Tag Archives: litter

Fingal’s beach litter shame


By Ciaran MCKEON

Wednesday June 10 2009

SKERRIES Tidy Towns Committee was forced to take the initiative and clean up their beach themselves because the council could not afford to hire a beach clean up crew. The beautiful sunshine over the bank holiday weekend saw locals and tourists flocking to the seaside to bask in the heat. With so many people using the beach there was bound to be rubbish but with no litter cleanup crews recruited this year much of it was left to be swept out to sea and strewn along the shore. Meave McGann of Skerries Tidy Towns said that bins on the beach were overflowing and that locals decided to pick up the rubbish themselves. Ms McGann said that the Government’s underfunding of local councils was to blame.

Skerries Beach left with rubbish strewn all over
it following the busy bank holiday weekend.

‘ The council should be able to employ people to do this job. They can’t run their services unless the Government give them the money they need to do so.

‘In this climate we’ll be looking towards tourism to help us out. The Government should realise that all coastal towns, not just Skerries, could be an asset.’

In Portmarnock there was not a single bin on the beach and the two at the main entrance were soon overflowing.

County councillor and long-time beach advocate, Peter Coyle, said that the council could not ignore the beaches.

‘All beach maintenance cannot be dropped instantaneously. Fingal County Council is losing a lot of credibility at the moment. Portmarnock Beach is the only beach in Fingal that can get a Blue Flag in 2010. It looks like that it will fail because of the lack of litter control.’

Beach sweeping machinery did return to Portmarnock on Tuesday and a crew was working on the grass but unlike last year this will not be a regular service. Ms McGann also urged beach-goers to take everything they can back home with them.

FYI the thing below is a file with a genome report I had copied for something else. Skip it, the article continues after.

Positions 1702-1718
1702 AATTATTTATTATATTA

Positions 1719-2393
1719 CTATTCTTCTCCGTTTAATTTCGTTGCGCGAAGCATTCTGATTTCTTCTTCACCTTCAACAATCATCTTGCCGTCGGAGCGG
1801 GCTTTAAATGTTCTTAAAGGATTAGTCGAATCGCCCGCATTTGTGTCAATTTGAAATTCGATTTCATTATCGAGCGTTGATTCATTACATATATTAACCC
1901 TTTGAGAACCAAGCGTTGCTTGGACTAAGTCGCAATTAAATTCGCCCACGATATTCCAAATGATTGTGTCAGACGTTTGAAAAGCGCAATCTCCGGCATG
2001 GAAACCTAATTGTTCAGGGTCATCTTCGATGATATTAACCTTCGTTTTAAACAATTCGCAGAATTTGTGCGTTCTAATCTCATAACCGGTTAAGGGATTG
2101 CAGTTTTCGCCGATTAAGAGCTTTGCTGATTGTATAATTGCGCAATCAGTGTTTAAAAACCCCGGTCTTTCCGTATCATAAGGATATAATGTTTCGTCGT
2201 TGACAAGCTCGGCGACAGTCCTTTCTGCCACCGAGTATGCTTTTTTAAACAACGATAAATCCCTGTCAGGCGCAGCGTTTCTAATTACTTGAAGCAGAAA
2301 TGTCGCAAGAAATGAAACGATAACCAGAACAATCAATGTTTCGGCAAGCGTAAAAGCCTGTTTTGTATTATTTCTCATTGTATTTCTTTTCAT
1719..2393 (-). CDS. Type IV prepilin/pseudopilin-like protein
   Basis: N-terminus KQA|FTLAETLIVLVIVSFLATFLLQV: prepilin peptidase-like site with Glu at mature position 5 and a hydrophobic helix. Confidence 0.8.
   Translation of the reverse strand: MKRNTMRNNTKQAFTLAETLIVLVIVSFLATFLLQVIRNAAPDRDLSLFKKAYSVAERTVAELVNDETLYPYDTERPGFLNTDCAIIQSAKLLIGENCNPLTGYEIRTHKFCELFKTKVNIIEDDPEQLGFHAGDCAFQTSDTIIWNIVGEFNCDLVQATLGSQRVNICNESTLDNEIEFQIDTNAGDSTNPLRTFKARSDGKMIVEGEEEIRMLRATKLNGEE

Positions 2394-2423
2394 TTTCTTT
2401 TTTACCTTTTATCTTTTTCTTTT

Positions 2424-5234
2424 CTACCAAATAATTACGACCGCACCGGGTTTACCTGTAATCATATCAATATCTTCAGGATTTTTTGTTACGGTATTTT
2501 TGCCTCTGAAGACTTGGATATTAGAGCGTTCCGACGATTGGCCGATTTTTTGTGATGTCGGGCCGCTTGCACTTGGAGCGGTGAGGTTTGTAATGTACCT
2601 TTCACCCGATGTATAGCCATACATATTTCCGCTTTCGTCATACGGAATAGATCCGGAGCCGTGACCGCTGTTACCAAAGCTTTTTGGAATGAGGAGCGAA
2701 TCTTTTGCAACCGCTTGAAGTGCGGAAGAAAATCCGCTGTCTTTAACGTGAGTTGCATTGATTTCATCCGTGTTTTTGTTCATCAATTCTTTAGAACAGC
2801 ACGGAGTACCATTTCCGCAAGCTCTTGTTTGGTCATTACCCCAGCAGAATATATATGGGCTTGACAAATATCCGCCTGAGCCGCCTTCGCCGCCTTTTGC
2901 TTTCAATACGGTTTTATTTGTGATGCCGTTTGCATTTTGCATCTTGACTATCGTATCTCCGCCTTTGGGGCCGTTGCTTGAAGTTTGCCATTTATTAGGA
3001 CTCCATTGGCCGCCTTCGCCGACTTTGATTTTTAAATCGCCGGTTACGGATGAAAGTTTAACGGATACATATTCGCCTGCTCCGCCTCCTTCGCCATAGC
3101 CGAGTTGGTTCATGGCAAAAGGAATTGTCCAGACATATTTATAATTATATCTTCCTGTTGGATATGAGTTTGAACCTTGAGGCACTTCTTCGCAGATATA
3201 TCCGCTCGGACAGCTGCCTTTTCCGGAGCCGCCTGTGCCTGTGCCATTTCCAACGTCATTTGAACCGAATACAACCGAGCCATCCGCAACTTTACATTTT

She said that the Tidy Towns committee was also launching a campaign to encourage walkers to pick up litter as they enter and leave the beach.

Fingal’s beaches were already dealt a heavy blow earlier this month when the Environmental Protection Agency reported that four beaches failed the minimum standards for water quality.

– Ciaran MCKEON

Read the original article from the Fingal Independant


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Shocking beach litter in Naples

As featured on Corona Save the Beach


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What to do when a dirty beach ruins your holiday?

For most of us, our summer holiday is a much anticipated event. We save up, book a long time in advance, ask the boss for time off work, buy new clothes – in short – it is a big deal!

What happens then, when you reach your destination or resort, head for the beach, only to discover it’s nothing like the brochure promised. Those turquoise seas and white beaches are replaced by litter,debris and runaway construction work. Filthy streams or sewage pipes running down into the sea; which turns out to be a grey foamy mess of floating plastic bags or worse? We don’t always have transport on holiday so quite often we’re stuck with what’s within walking distance of where we’re staying.

Many of us are rightly very upset and disappointed by this situation. In the UK, we have a certain ‘watchdog’ mentality of recording the probelms we encounter on holiday. This is great if something gets done about it, but often we just receive an apology from the holiday company, perhaps a partial refund if we’re lucky. But the beach? Nothing gets done.